Will the Threat of the Death Penalty Make Indian Women and Children Safer?

Social Commentary

Will the Threat of the Death Penalty Make Indian Women and Children Safer?

Illustration: Akshita Monga

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ike most people, I first learned about the 2012 Delhi gang rape through the morning newspaper. Reading about the sexual assault and the gruesome, brutal violence visited upon the victim was gut-wrenching. Like most men around me, I felt a wave of shame wash over me, on behalf of my gender. Then that wave receded, and was replaced by a simmering anger, that sparked and flared up with each conversation. It was a national outrage and India was ablaze with the same anger – an anger toward the men who had treated the victim as less than human. They had to be stopped.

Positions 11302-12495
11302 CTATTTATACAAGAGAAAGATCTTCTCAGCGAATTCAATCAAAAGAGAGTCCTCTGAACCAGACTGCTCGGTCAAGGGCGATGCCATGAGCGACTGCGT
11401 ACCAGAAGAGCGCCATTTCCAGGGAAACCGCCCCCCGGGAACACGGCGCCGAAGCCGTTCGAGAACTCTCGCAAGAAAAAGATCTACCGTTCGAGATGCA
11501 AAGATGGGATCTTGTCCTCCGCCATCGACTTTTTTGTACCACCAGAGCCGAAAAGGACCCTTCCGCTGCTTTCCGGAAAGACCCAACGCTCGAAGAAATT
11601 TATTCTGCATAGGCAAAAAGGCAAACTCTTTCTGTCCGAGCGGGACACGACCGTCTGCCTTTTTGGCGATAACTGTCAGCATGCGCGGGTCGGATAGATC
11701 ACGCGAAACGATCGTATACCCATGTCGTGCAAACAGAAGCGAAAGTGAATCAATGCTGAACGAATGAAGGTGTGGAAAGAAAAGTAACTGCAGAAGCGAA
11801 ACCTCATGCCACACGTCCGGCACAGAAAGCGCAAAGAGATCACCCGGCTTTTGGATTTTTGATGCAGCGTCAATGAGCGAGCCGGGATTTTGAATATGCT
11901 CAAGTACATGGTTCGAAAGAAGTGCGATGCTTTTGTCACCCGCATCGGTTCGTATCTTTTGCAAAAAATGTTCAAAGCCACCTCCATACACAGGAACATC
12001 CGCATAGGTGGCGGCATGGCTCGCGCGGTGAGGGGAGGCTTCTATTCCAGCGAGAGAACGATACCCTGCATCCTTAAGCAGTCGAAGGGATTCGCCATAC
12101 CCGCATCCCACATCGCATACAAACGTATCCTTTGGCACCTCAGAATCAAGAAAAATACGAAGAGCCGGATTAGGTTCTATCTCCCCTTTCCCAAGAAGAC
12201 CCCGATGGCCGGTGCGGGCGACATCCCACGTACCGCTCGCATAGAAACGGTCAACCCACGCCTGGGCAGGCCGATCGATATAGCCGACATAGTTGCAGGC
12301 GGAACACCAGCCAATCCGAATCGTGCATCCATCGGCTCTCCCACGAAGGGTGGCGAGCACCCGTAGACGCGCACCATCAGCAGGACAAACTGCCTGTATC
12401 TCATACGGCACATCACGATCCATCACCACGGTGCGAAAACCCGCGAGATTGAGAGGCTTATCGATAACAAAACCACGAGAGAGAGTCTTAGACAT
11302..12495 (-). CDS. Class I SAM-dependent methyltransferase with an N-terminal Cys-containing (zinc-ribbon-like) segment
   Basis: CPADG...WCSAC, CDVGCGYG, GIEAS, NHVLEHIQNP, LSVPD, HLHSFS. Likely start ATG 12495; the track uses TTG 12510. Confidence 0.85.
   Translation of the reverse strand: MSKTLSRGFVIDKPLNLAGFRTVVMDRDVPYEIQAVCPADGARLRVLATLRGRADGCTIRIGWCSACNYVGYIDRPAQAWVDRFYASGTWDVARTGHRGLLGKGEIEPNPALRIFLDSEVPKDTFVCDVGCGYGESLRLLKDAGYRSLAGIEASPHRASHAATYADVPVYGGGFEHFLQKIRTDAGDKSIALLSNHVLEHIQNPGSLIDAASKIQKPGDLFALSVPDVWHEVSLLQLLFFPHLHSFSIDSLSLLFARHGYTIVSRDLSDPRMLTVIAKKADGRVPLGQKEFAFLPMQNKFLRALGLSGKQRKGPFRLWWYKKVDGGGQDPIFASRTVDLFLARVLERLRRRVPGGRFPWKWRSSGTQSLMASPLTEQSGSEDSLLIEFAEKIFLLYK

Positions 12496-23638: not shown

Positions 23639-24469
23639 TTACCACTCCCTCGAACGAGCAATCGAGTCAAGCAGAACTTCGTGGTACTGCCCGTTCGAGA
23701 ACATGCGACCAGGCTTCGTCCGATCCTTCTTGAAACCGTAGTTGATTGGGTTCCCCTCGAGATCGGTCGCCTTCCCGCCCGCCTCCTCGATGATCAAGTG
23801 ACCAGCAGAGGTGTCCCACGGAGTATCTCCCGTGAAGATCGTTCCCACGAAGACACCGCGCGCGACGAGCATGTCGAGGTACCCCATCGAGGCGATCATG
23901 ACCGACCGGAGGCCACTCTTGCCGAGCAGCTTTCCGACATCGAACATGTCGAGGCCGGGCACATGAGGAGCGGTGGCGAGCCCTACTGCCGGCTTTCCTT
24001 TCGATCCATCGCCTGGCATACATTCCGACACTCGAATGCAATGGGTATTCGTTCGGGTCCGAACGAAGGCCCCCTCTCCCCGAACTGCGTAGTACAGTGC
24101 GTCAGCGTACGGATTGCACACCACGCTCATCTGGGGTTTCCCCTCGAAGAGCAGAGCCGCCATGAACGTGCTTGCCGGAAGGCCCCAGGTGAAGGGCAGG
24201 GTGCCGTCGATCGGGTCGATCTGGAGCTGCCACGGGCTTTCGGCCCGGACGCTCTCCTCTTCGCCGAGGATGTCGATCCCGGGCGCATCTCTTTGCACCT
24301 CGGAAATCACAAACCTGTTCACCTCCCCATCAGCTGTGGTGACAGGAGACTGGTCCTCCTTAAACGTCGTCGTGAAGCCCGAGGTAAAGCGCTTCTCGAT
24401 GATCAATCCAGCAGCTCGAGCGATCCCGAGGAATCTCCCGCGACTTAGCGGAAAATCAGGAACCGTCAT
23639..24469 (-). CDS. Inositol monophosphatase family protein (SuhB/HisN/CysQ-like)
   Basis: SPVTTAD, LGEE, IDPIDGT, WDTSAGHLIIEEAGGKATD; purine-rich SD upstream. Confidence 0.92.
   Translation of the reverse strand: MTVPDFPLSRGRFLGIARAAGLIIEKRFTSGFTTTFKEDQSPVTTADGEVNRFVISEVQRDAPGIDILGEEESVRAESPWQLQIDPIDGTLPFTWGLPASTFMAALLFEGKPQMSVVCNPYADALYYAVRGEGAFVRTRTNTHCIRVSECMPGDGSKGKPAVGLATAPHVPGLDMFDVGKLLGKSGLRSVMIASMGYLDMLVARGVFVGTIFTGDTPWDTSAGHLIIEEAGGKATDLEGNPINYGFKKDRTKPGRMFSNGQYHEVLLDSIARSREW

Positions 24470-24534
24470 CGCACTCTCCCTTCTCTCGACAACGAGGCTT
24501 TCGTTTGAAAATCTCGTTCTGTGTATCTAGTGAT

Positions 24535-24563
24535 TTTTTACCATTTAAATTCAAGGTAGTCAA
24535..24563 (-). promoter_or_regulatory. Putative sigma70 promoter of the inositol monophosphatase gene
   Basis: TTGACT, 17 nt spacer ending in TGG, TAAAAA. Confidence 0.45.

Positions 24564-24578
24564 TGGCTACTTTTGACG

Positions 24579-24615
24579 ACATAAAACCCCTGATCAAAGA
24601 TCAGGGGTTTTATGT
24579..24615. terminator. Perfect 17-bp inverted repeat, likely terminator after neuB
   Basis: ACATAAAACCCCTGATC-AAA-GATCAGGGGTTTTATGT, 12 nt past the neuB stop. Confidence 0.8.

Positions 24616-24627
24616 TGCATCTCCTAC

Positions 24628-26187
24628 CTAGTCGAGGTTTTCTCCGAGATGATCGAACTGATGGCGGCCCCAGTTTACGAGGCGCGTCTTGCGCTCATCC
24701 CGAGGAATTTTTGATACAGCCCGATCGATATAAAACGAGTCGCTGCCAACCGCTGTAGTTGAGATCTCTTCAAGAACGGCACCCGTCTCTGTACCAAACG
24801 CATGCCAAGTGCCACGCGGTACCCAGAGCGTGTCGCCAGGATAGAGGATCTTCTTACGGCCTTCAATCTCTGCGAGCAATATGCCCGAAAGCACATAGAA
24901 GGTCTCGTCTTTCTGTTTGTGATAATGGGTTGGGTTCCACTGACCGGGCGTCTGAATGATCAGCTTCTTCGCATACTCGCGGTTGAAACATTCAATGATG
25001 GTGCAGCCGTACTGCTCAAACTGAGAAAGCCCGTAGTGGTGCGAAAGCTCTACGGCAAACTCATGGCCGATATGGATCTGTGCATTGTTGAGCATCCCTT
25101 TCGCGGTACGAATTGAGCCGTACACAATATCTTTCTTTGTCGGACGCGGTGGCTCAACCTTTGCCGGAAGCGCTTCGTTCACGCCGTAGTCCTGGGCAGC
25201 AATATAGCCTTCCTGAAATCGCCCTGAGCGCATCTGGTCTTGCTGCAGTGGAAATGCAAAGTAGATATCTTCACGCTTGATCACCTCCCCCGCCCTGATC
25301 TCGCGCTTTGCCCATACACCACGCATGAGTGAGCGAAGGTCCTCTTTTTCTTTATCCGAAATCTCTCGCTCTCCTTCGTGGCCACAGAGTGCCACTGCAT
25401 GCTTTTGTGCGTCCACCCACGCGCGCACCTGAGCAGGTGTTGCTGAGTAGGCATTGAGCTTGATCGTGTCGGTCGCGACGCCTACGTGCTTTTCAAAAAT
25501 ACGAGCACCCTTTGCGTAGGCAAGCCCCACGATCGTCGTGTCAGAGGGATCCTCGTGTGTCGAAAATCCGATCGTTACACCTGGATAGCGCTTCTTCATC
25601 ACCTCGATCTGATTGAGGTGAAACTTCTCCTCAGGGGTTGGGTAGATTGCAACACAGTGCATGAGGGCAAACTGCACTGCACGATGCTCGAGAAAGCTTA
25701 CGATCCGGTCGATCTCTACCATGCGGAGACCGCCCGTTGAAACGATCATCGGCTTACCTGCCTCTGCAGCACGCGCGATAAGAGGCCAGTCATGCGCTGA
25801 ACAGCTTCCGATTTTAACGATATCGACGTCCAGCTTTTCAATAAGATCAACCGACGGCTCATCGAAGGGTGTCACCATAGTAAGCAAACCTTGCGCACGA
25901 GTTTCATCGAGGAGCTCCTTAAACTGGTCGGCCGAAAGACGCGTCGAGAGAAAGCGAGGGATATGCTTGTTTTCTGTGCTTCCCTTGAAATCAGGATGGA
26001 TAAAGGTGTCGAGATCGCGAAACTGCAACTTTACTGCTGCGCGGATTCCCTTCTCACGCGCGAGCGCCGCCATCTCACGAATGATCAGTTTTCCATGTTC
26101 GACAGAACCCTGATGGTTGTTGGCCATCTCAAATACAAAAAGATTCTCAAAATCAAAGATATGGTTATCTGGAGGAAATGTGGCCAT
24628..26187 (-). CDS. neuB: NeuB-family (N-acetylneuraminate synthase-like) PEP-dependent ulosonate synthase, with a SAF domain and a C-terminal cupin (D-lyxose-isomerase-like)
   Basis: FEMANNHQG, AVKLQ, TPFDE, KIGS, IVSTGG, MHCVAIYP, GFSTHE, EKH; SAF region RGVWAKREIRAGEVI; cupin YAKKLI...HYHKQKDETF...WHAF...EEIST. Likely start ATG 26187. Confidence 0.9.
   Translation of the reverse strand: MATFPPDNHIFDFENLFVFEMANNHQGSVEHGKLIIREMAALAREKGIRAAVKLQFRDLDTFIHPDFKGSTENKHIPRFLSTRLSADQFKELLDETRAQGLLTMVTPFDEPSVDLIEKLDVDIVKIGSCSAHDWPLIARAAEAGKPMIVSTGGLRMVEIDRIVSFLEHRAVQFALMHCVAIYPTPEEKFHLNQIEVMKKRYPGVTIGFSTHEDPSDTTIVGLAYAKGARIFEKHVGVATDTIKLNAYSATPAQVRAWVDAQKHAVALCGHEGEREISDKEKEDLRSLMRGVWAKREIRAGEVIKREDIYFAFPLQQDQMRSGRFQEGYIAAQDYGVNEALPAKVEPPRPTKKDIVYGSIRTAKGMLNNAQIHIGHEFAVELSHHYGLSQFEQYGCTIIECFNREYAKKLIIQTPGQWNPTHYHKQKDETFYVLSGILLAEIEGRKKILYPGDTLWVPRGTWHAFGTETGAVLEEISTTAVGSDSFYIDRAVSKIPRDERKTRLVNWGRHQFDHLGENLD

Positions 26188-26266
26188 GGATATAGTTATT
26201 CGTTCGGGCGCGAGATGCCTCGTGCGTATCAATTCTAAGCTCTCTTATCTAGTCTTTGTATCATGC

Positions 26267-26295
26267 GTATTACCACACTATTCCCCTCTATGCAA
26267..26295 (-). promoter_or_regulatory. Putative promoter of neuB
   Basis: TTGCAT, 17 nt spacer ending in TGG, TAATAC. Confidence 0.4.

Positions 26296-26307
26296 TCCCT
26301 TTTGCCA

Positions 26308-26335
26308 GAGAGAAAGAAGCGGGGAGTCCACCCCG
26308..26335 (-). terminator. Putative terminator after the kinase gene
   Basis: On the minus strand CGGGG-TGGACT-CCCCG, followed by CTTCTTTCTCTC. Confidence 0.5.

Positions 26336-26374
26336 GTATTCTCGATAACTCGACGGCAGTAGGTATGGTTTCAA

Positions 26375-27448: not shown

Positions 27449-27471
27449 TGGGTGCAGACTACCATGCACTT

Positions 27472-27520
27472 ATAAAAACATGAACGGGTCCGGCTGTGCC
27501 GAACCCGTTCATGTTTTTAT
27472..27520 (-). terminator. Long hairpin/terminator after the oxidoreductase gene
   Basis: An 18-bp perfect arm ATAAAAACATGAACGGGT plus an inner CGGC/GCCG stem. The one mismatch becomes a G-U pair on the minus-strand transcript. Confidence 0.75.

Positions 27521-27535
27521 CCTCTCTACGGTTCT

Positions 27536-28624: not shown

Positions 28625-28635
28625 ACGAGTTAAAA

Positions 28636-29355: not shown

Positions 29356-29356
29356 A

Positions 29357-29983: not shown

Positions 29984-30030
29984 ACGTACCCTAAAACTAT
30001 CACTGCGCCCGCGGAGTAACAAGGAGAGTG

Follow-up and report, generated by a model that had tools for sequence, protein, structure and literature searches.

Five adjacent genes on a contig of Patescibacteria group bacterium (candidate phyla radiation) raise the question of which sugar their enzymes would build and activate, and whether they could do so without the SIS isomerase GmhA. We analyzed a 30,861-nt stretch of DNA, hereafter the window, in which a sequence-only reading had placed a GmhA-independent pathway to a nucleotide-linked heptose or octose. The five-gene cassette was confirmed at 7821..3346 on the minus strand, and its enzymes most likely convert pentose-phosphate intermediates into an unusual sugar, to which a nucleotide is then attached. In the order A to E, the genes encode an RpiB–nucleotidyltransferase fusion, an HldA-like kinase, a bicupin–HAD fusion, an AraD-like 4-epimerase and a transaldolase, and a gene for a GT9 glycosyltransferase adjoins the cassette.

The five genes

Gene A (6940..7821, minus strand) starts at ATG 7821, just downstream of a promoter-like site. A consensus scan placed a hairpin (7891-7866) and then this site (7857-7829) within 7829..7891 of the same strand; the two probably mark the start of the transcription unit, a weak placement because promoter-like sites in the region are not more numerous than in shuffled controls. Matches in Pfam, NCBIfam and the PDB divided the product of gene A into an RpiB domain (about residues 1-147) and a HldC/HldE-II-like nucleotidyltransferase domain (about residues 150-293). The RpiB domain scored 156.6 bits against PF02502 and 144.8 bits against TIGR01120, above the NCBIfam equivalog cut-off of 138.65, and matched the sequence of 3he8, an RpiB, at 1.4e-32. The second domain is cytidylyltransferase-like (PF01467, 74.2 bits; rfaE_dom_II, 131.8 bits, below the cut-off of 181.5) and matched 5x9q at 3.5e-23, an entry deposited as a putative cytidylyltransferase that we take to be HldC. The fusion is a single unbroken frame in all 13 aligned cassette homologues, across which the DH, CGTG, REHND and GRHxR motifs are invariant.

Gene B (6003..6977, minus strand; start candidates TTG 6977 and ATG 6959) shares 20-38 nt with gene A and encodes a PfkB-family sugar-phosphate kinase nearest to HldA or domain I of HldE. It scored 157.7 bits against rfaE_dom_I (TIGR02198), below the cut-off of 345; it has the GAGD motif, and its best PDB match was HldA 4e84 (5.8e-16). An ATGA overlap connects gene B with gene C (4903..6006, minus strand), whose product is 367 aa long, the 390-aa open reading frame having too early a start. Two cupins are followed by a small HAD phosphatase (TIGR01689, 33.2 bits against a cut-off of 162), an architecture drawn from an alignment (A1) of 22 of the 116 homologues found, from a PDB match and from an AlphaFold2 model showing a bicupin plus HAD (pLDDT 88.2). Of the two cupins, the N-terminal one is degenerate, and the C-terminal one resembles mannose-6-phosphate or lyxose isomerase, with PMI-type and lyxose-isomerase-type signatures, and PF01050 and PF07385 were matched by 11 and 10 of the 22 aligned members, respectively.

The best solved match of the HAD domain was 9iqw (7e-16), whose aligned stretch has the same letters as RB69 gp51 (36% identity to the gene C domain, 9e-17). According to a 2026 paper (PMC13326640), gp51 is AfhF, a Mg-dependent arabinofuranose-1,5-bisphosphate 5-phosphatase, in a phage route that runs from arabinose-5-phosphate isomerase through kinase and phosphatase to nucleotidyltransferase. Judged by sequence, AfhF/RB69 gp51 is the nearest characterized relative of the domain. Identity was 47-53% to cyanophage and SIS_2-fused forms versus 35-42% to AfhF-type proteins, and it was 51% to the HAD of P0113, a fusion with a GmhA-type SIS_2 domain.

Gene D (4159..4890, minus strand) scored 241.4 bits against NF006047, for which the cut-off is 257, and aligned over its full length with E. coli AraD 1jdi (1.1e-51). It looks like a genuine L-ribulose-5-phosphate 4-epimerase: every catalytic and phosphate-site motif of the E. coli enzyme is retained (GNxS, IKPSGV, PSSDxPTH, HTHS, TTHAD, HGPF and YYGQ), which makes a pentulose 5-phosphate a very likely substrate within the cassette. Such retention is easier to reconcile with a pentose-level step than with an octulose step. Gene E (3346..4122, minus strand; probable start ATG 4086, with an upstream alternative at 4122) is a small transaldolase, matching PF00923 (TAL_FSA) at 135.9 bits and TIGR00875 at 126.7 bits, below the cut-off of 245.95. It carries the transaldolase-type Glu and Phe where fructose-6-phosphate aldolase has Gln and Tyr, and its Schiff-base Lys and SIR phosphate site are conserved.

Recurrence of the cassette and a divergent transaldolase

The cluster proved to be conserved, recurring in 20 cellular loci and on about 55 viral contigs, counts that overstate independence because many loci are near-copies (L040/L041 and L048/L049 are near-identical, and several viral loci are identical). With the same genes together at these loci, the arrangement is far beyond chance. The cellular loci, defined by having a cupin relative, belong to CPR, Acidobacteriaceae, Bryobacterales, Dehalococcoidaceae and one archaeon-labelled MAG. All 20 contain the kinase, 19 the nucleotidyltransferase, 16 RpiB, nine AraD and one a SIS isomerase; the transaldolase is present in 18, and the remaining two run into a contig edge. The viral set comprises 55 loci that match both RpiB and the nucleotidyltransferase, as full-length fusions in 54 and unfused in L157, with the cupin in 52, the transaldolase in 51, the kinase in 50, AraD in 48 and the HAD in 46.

#HangTheRapist. In that moment in 2012, at the point the levee of national apathy toward gender violence finally broke, #HangTheRapist was our rallying cry. It felt cathartic to join the chorus of voices that were clamouring for the culprits to be killed. Exterminating the men who brought about such horror would feel like victory. Not just death, I recall enthusiastically participating in many conversations that proposed even more barbaric punishments, from castration to dismemberment to torture. It would only be just, after what they did. An eye for an eye.

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